As the beauty industry prepares for month six of coronavirus, makeup-first companies are attempting to elevate the virtual shopping experience.
For Blushington, a makeup and beauty lounge that has specialized in IRL event applications and how-to classes, CEO Natasha Cornstein has made the difficult decision to not reopen any of its seven locations in New York, California, Texas and Pennsylvania for the foreseeable future. Instead, Cornstein has leaned heavily on virtual classes that she has sliced and diced in different ways: one-on-one classes with makeup artists, group “Pretty Parties” and teen-focused “Beauty Bootcamps” (the latter is meant to replicate summer camps teens and tweens attended pre-pandemic).
“On March 13, we made plans for temporary closures for two weeks. Not realizing what was to come, I was looking at professional-grade cleaning services and disposable brushes, but then I realized this was not temporary,” said Cornstein. “We were going to be shut down for the long haul.”
As such, Blushington had to innovate, and fast. “We’re fighting to keep all the work we have done these last eight years alive,” said Cornstein. The virtual iterations of Blushington’s classes are a take on what the company began in April, when it provided free makeup application classes to health-care and essential workers. “We learned Zoom, adapted all of our class curriculum to online teaching and spent three weeks practicing on each other. It’s been challenging because we are all bleeding, but also exciting because every class we book puts one of our [remaining] artists to work,” she said.
For the customer, however, Cornstein wants to emphasize a time of relief and play, often lost in the era of Covid-19. This is best demonstrated in Blushingtons’s group classes like its teen bootcamp (for attendees up to 15) and its corporate classes. The latter have been a recurring booking for some companies; one undisclosed firm bought a 12-class series for its female executives, said Cornstein. Virtual classes for one-on-one guests range from $25-$250, while group Zoom classes are $75-$150.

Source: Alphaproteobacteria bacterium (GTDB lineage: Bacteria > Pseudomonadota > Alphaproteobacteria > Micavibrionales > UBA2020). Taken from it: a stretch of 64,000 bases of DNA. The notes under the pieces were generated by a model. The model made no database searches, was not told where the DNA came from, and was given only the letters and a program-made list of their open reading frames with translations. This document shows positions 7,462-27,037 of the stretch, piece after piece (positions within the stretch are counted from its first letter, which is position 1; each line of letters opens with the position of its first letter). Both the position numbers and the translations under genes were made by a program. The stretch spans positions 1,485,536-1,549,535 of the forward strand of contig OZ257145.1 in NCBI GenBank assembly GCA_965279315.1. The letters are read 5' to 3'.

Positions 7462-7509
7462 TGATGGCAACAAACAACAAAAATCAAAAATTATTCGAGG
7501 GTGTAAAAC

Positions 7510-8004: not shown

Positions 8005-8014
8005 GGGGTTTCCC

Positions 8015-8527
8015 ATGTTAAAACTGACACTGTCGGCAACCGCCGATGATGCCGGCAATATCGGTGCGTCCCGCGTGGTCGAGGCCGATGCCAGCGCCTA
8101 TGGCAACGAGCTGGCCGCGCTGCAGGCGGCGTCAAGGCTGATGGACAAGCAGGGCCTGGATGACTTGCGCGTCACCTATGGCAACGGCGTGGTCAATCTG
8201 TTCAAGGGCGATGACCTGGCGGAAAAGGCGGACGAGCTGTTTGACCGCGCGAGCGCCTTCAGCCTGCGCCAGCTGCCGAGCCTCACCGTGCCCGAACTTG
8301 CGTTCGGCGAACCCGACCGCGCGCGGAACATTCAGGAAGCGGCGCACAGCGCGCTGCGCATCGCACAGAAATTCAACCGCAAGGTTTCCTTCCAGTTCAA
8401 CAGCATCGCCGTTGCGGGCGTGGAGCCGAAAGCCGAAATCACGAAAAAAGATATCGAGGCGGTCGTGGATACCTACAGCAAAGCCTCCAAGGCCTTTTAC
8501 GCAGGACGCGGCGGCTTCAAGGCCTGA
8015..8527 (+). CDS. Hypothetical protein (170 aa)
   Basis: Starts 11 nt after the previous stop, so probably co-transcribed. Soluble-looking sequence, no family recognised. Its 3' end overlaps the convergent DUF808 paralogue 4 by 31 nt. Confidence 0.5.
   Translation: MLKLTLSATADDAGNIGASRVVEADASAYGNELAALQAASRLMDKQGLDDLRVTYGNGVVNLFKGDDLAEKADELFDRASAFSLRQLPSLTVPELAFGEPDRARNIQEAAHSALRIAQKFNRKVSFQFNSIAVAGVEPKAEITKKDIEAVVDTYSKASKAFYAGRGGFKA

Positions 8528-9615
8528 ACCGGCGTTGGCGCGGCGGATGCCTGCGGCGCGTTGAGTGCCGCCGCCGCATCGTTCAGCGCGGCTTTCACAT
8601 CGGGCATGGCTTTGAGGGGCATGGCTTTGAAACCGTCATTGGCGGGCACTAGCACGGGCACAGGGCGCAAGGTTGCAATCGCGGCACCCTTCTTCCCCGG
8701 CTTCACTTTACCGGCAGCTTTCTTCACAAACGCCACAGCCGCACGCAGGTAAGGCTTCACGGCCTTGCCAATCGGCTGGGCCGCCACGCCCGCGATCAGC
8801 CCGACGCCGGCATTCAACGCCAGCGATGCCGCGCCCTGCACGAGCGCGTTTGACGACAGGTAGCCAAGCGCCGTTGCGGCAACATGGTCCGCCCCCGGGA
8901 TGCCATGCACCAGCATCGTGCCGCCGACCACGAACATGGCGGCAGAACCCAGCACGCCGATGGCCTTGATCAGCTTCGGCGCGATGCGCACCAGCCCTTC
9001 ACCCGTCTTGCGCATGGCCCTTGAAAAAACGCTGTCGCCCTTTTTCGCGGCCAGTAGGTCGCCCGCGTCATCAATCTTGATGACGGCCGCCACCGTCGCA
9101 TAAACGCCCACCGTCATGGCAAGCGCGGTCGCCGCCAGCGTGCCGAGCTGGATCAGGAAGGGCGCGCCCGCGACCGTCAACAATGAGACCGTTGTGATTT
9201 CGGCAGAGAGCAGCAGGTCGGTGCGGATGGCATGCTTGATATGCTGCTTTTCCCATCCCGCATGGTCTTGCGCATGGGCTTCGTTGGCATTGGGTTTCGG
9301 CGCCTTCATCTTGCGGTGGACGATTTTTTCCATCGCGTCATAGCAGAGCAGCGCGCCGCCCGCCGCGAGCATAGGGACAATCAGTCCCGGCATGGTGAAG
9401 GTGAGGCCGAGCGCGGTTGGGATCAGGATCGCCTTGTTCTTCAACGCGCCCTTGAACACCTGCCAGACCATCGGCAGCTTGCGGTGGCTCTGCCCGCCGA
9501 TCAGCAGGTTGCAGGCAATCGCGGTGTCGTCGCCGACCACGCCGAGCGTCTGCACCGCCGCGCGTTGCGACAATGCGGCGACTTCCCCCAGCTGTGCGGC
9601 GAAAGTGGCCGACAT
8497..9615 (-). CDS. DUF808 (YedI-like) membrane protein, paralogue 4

“It’s meant to be a perk or a moment of pleasure and engagement,” said Cornstein. “I think we are all under so much pressure, but particularly women. Beyond all the juggling of responsibilities, family and work, all day, looking at Zoom 24/7 — it is a chore.
As of the end of July, Blushington had booked 455 participants in its classes, and approximately 10% of customers had rebooked additional classes. To date, the company is seeing a 49% attachment rate of class participants placing an order on Blushington.com, with an average order of $70. Cornstein said 100% of company revenue has been via these classes. She did not disclose exact figures.
Adding an element of fun to never-ending virtual appointments is something that Armani Beauty is also exploring. For its July launch of its latest foundation, the company worked with interactive video plug-in company The Call List to create custom creative assets and production for its virtual influencer event. Beyond providing customers with products to try ahead of time, the event featured multiple hosts, pre-recorded media, survey prompts and a live Q&A. An Armani Beauty spokesperson said the company is looking into possibly bringing the high-touch virtual experience to customers later this year.
But companies understand that luxury in makeup today also means ease. In September, Violet Grey is launching SMS shopping to better engage with its beauty customers, and is also planning to add AR and VR capabilities to its e-commerce site in the first quarter of 2021. Violet Grey founder Cassandra Huysentruyt Grey called these priorities” white glove” e-commerce. On the physical retail front, it will debut by appointment shopping in its Los Angeles store in November.
“Retail today is looking like Blockbuster video; it’s antiquated. And the behavior of shopping at the beauty counter, which was so prized, will never go back,” she said.
Pre-coronavirus, Violet Grey’s retail store made up 20% of its business, but since since March, is has shifted to only 10%, according to the company. Meanwhile, since March, the company has seen its e-commerce site grow 83% year-over-year. Grey would not comment on reports that it is exploring deal options or its $1.35 million loan from Assembled Brands.
To avoid e-commerce being used largely as a replenishment tool, as it was pre-Covid-19, Grey said that SMS, AR, and VR will be crucial. Thus far, she said the company has done “similar revenue” from pivoting its four store associates to act as a hybrid between personal shoppers and customer service agents.
“The women at the store are probably the No. 1 reason customers go to the store, and even though we do a tight edit of our beauty assortment, customers have questions and want to know everything, they want you to spend time with them. An SMS hotline gives access to these women and serves as a solution,” said Grey. Pre-pandemic, she planned to roll out a members-only shop at the company’s L.A. headquarters in May, plus shop-in-shop installations in airports and bigger retail stores in 2020, so bringing the luxury element of stores online is key for the company’s future.
“Entrepreneurs by nature have to be comfortable with chaos and uncertainty. We convince ourselves we know what is going to happen, but right now, no one has yet convinced themselves,” she said.